Back from the Hospital

My wonderful wife came home from the hospital a week ago. Thank you, Lord!

This intervening week has been a whirlwind of emotions and ‘stuff to get done’. I’m so glad to have her back; she was there for ten days.

But what put her there was an interactive combination of two things – her Congestive Heart Failure, and acute diverticulitis. The infection in her bowel made her weaker and weaker; it occurred and then worsened over a long period of time, quietly taking all her energy and thus the ability to do even the smallest things. The infection made her CHF worse, which in turn made the infection worse… but the symptoms came on so slowly and gradually that we just… did… not… notice.

What is less understood by many is that with CHF, you have to watch your weight closely – weighing every day. A sudden rise of two pounds overnight is cause for concern. And necessitates a temporary upward kick in the diuretics. So why is the water weight of concern? Because it is accumulated in the lungs, interfering with the ability to oxygenate blood. And thereby slowly suffocating the patient.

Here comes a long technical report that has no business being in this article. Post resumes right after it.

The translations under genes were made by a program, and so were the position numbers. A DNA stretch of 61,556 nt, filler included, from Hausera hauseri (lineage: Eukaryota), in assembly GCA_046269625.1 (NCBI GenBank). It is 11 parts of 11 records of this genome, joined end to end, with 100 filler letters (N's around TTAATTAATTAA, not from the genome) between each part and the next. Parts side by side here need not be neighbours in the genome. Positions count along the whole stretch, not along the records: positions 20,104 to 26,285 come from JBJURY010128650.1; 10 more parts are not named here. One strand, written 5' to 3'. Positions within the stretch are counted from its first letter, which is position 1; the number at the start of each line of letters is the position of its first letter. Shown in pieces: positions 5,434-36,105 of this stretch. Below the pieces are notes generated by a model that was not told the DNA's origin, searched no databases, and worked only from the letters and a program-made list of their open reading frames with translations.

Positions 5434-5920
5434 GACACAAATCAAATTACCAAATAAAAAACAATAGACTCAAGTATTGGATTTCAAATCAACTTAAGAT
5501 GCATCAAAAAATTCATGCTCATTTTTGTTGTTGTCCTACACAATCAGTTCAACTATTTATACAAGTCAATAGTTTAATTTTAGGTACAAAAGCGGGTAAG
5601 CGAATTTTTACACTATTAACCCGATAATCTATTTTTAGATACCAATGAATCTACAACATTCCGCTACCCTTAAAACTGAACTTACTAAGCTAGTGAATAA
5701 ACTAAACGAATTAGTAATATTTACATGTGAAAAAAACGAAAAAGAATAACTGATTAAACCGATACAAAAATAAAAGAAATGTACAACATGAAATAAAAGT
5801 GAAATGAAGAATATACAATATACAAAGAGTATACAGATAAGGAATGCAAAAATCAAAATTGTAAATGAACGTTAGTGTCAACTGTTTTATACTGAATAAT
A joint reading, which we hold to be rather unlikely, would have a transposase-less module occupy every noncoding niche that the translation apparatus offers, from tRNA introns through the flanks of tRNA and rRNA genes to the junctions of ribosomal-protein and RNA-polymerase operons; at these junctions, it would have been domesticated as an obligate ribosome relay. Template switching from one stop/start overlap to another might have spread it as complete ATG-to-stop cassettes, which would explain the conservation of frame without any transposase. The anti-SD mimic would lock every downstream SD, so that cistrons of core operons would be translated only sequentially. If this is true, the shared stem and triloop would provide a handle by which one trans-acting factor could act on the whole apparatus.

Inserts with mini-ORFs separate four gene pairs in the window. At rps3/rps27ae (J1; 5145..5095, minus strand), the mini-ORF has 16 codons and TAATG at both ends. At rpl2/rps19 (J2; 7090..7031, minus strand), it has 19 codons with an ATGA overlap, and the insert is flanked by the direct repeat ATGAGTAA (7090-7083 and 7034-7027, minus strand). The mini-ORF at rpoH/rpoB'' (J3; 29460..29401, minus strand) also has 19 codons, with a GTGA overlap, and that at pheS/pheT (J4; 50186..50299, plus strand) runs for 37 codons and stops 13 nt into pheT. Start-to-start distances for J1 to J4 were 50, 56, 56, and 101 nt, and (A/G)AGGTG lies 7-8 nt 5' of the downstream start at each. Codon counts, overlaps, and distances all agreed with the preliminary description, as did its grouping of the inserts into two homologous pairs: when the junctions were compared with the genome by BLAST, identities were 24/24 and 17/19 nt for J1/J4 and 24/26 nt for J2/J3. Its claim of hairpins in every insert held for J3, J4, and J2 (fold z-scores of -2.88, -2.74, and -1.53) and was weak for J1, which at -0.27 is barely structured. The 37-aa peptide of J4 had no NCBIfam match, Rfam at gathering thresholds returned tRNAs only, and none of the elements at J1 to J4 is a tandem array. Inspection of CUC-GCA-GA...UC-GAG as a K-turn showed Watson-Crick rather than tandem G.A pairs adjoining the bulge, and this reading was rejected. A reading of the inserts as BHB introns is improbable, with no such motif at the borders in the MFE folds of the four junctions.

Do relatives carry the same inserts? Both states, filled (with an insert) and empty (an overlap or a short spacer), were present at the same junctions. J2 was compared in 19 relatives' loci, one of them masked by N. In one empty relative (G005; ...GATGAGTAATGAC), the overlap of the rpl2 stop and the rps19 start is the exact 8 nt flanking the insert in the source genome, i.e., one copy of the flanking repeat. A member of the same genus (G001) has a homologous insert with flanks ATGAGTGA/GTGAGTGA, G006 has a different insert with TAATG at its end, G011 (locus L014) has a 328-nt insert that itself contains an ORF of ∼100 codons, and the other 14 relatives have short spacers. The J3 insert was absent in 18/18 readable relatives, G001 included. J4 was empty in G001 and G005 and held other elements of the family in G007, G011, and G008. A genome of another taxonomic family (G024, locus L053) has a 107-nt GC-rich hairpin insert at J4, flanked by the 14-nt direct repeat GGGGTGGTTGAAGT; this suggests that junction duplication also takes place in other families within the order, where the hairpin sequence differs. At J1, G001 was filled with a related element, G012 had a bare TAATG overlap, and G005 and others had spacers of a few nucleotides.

Meanwhile we are thankful that she’s better. She’s very slowly regaining strength in her legs, and is gradually doing a little bit more to help her conditioning every day.

We both thank everyone for their kind thoughts and prayers.

And we are so thankful for friends and church members who have brought by dinners, soup, and just been there for encouragement. Such things are heartening, both for their nourishment, and for lightening my load in caring.

Going forward, I’ve been seeing that smart-home items are actually improving, instead of just gaining ‘bling’ factor. I’ve invested in three items that will help: a video doorbell that has two-way audio (so she can talk to whomever might be at the door, from wherever in the house that she might be); an electronic deadbolt (so she can unlock the door for visitors and home-care folks); and an Amazon Echo (to interact with and control the two previous items). I hope to end the weekend with these all installed and working well.